• The Invention of Jaywalking

    by  • May 7, 2012 • Legal and Enforcement, No Digest, Safety • 0 Comments

    Featured in The Atlantic Cities, where place matters –

    By Sarah Goodyear

    It happened again the other night.

    This time, the driver of a Jaguar traveling down 42nd Street in Manhattan struck another car and lost control, flipping onto the sidewalk and striking several pedestrians. Amazingly, given that this is one of the most crowded parts of town, no one was killed. Less amazingly, given the New York Police Department’s general approach toward car-pedestrian or car-bicycle crashes, the driver will apparently not face any criminal charges.

    Despite remarkable recent gains in pedestrian safety – thanks in part to design changes aimed at slowing down drivers – cars still jump the curb nearly every day. Drivers who kill or maim pedestrians with their vehicles are still only rarely treated as criminals in New York, as long as they are not drunk and do not flee the scene. Even that is sometimes not enough to merit serious charges.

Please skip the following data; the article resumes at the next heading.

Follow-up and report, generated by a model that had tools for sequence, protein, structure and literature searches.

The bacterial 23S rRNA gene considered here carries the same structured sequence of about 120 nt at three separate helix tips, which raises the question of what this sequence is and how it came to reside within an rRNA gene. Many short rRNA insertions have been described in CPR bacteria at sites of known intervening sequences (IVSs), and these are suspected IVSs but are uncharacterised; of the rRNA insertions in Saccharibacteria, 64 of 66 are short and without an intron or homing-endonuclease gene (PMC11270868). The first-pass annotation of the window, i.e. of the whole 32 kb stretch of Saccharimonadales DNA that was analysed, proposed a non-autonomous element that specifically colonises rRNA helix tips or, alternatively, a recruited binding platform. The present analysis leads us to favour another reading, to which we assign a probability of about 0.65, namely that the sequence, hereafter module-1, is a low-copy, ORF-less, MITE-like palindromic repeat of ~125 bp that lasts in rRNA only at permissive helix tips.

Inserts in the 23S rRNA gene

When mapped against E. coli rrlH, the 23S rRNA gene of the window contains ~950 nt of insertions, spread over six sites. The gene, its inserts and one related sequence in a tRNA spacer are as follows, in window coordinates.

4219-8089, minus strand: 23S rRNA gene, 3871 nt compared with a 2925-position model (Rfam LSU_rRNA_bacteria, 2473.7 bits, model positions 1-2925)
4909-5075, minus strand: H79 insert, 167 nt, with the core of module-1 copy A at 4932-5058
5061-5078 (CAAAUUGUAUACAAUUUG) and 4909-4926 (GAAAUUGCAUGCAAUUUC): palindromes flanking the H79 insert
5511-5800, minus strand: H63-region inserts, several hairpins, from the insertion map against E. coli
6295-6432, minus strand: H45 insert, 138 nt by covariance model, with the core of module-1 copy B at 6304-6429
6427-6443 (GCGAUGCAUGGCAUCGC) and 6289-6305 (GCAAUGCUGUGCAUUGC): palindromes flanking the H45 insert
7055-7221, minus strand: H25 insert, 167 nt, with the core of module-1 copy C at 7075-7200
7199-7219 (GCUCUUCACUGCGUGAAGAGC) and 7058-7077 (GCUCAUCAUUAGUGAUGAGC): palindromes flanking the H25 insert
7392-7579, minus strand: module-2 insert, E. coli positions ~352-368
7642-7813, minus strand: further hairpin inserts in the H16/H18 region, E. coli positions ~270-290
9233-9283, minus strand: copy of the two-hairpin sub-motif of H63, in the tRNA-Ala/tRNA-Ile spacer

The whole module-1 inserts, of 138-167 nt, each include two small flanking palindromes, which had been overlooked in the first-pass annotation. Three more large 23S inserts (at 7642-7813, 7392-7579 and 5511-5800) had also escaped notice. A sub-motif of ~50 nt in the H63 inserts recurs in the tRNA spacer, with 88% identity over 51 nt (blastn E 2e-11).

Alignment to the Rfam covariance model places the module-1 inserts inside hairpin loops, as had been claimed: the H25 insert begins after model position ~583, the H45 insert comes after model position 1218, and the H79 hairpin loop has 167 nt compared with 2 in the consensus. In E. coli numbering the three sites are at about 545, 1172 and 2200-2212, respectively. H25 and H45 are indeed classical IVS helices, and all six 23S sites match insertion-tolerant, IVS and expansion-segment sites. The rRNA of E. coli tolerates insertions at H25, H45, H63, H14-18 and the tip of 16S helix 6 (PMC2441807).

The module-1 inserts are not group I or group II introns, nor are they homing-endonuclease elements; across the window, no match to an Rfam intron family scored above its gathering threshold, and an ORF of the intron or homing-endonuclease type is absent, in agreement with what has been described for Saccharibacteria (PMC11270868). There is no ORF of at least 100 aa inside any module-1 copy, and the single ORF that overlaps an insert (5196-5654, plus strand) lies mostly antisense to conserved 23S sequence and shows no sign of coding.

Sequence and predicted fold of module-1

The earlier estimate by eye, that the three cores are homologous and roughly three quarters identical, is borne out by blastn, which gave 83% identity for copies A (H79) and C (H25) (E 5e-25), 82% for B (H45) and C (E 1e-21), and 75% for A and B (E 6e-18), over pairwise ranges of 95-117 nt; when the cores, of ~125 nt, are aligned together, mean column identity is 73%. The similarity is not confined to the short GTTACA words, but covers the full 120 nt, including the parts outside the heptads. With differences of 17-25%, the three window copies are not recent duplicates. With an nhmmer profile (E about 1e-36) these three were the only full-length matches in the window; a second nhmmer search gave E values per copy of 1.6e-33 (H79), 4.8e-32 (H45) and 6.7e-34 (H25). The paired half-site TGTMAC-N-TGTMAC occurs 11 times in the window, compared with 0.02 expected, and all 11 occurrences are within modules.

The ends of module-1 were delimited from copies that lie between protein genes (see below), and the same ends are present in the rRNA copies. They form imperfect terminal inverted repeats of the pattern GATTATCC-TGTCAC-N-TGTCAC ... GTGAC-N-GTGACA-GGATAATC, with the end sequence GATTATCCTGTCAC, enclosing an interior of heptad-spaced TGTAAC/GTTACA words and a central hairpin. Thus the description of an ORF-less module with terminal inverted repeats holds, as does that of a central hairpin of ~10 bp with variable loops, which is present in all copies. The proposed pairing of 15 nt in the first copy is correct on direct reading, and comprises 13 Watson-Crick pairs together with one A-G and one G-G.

It wasn’t always like this. Browse through New York Times accounts of pedestrians dying after being struck by automobiles prior to 1930, and you’ll see that in nearly every case, the driver is charged with something like “technical manslaughter.” And it wasn’t just New York. Across the country, drivers were held criminally responsible when they killed or injured people with their vehicles.  [Continue reading …]

    Texting and talking while driving should carry the same penalties as DUI, as studies have shown time and time again that the two are equally dangerous. In Delaware, distracted driving is rarely enforced.

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